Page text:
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Woman draws jail sentence for contaminating chicken in 2016

Faye Slye
Stearns County Jail photo

Faye Slye, a 37-year old Cold Spring, MN, woman, was sentenced to 90 days in the Stearns County Jail after being convicted of two felony counts of causing damage to property in the first degree.

She also has to pay $200,000 in restitution to GNP Company, which in June 2016 had to recall almost 28 tons of chicken products because of contamination with extraneous materials.

Pilgrim’s Pride bought GNP Co. in late 2016. Pilgrim’s is owned by Brazil-based JBS S.A.

At the time of the recall, GNP said some of the “Gold’n Plump” and “Just BARE” branded products, produced between June 6 and 9, 2016, were found with sand and black soil contamination. It immediately called in the Cold Spring-Richmond Police Department, which was assisted by the FBI in investigating the incident.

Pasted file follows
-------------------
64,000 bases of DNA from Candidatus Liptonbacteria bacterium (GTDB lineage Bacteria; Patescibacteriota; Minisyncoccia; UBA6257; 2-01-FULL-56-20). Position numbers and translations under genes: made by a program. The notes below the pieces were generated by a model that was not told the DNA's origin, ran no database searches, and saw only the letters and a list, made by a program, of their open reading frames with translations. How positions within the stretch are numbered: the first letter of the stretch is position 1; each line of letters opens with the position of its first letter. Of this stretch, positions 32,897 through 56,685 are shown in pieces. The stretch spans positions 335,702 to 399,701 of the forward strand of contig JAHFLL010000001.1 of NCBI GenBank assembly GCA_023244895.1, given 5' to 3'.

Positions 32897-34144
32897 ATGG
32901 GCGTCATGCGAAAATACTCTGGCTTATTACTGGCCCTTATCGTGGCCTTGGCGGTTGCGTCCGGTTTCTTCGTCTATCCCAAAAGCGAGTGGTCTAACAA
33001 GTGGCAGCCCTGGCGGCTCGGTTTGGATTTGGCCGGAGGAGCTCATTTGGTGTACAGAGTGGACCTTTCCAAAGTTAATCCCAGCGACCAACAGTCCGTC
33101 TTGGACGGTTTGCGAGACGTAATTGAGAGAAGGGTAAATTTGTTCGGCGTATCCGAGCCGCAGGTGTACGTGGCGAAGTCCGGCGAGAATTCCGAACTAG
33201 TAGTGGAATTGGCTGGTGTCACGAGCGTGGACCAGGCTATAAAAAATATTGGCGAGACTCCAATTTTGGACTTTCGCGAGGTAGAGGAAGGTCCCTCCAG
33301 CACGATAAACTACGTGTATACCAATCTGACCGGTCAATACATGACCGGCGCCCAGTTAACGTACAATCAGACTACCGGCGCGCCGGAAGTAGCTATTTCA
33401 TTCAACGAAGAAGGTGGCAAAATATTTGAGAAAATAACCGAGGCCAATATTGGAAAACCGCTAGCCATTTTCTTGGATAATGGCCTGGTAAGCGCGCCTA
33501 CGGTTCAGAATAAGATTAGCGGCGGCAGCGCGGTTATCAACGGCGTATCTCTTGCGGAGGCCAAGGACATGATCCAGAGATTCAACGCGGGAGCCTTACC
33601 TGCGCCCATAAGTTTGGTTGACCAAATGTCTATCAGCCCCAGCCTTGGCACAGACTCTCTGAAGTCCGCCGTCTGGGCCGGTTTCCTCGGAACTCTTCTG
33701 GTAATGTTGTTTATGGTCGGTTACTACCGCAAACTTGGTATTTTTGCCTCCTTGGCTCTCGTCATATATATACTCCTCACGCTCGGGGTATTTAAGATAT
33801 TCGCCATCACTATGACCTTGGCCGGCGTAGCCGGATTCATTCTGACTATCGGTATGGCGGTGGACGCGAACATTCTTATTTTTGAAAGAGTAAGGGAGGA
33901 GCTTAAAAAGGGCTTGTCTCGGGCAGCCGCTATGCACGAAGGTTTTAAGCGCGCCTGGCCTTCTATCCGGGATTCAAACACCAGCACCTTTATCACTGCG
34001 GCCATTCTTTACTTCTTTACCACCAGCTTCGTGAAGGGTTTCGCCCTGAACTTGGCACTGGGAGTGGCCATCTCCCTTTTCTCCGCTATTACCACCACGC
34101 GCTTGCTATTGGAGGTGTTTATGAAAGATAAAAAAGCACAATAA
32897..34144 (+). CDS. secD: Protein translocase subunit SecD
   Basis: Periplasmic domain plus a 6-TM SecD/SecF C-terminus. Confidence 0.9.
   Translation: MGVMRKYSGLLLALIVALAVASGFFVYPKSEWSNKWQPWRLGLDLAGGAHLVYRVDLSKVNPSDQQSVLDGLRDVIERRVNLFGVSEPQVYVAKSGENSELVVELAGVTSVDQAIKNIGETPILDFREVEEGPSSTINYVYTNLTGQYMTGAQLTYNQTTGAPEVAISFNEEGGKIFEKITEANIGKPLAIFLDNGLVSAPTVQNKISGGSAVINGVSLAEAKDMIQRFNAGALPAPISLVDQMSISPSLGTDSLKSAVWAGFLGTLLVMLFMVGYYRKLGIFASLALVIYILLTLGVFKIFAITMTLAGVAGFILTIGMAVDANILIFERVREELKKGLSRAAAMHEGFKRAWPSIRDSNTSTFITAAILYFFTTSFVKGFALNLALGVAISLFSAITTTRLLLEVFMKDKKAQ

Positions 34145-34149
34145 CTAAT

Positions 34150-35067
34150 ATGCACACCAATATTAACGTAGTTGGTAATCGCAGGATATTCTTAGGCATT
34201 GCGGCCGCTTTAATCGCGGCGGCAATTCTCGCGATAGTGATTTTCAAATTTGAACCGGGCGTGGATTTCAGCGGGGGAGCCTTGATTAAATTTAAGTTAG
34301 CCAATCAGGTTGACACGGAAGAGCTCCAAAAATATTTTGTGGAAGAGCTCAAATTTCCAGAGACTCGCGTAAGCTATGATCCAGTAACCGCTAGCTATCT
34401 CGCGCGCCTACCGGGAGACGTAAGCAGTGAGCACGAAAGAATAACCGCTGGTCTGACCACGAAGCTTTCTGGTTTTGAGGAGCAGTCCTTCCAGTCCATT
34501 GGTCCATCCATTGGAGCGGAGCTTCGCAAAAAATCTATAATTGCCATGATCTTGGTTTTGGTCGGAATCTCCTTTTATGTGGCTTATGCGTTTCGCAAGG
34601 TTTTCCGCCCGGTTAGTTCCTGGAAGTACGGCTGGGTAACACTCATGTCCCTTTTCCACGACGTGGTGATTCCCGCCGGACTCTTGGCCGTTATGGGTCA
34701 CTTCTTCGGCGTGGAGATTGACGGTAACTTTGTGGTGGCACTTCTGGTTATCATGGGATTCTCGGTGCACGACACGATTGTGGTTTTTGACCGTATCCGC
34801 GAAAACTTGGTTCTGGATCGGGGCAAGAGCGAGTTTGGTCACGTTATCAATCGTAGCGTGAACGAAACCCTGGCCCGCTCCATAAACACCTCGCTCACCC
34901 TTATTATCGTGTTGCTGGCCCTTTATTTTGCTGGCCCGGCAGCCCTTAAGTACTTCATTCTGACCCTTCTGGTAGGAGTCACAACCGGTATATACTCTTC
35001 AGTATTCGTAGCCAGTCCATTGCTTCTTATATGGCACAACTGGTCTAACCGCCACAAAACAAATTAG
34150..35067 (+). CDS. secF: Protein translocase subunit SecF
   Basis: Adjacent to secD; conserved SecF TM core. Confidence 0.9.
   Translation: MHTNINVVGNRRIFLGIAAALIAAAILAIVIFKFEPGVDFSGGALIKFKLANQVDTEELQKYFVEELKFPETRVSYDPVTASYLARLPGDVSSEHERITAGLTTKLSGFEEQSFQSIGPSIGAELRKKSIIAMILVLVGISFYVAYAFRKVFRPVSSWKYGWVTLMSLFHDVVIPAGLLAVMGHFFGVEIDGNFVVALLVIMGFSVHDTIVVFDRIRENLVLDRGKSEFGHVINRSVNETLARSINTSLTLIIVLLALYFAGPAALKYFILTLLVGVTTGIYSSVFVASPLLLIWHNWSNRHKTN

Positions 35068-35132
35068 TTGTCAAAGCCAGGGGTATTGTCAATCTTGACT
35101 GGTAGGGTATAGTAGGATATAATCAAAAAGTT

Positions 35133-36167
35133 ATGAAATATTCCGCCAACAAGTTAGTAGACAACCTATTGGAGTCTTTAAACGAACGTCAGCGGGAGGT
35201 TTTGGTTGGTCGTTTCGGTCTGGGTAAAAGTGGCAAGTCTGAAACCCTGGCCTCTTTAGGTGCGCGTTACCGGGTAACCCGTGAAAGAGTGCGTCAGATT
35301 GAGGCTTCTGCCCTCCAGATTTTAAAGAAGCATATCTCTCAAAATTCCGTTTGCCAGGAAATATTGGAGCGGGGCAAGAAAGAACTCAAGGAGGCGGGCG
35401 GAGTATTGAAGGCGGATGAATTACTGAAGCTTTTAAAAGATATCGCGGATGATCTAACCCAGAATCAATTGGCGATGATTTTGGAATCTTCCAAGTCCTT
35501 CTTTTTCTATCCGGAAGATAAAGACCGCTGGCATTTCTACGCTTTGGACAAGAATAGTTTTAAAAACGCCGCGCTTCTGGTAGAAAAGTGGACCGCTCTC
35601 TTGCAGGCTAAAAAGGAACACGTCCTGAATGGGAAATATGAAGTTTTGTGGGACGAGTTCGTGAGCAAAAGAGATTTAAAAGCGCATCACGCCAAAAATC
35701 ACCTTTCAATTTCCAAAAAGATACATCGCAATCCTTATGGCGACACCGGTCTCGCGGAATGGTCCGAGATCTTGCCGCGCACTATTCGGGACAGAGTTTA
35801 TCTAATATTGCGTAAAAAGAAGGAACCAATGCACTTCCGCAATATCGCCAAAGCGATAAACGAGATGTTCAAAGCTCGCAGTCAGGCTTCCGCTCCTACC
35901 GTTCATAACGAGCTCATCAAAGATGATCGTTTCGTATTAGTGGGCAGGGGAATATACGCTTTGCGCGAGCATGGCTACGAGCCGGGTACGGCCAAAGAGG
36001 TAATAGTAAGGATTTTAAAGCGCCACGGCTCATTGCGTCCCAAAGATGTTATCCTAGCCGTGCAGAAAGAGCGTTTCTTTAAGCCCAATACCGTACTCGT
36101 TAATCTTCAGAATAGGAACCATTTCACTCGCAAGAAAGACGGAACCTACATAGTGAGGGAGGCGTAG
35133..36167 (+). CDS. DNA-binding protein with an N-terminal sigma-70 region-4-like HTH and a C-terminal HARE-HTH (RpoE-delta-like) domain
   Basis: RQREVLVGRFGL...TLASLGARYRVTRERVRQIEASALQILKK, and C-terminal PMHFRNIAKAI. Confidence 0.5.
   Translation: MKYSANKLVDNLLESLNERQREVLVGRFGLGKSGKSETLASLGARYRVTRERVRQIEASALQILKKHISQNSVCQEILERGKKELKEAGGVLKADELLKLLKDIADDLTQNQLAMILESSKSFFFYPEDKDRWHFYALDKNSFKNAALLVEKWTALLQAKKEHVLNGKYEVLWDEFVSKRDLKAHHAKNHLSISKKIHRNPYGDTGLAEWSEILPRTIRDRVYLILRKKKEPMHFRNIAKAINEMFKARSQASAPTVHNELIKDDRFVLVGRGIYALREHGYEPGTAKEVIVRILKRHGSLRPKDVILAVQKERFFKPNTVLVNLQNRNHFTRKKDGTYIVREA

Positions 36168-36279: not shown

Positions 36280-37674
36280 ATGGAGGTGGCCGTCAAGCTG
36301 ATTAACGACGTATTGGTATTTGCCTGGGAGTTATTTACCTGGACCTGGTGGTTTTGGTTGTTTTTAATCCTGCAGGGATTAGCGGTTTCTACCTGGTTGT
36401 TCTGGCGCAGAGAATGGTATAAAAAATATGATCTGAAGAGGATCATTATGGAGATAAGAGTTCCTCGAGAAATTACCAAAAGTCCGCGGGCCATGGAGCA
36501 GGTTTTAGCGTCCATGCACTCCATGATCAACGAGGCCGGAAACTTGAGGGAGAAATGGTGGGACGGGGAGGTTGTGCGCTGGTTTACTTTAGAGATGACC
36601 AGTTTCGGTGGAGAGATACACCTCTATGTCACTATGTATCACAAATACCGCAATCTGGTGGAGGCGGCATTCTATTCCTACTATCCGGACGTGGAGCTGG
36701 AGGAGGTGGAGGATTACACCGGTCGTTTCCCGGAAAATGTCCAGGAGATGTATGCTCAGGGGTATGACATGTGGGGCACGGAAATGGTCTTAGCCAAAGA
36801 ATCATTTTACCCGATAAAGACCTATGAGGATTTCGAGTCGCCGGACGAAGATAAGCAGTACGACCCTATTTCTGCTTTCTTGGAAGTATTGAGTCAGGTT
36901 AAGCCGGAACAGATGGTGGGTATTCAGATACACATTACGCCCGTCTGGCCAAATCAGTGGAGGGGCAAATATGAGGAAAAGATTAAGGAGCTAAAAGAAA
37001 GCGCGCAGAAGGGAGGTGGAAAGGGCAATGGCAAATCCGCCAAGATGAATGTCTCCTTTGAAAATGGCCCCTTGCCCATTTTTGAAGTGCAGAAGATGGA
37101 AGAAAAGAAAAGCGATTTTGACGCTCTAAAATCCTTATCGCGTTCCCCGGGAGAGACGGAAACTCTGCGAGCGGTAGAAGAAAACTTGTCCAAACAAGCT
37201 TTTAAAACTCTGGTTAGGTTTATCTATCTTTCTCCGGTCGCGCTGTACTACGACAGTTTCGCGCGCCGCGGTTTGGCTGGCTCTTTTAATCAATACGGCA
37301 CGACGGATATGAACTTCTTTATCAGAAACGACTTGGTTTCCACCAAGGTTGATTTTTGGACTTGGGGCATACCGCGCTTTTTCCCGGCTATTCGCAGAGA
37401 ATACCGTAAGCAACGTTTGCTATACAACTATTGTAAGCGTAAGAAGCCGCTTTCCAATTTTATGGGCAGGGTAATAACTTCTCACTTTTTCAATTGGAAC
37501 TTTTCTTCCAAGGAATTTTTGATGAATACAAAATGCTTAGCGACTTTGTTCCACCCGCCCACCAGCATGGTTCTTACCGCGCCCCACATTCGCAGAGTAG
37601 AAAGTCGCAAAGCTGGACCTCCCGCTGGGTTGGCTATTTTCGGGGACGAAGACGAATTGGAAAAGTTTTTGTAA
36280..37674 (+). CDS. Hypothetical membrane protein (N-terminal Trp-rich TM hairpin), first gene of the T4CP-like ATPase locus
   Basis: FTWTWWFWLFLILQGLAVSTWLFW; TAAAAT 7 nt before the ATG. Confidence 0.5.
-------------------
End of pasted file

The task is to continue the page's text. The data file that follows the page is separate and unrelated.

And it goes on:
Slye confessed after the investigation turned up both surveillance footage and forensic evidence implicating her. GNP’s surveillance footage for both June 7 and 8 pointed to her suspicious behavior.

Slye said she collected sand and dirt from the parking lot in a plastic bag before using it to contaminate the chicken. Her sleeves also contained the substance.

The former poultry worker can serve the 90-day jail term in 30-day increments during the next three years. She will be on probation for five years.

The chicken products contaminated by Slye were shipped nationwide for both foodservice operations and retail distribution. The company initiated the recall after the second time in 2016 that ash or dirt turned up in tubs of chicken meat.

The Minnesota court did not prohibit Slye’s future employment in the food industry.

The incident at GNP Company occurred about one month after the U.S. Food and Drug Administration issued a final rule on food defense to protect food from acts of intentional adulteration like Slye initiated.

The final rule on Mitigation Strategies to Protect Food Against Intentional Adulteration with requirements for covered facilities to prepare and implement food defense plans is intended to help avoid such threats in the future.

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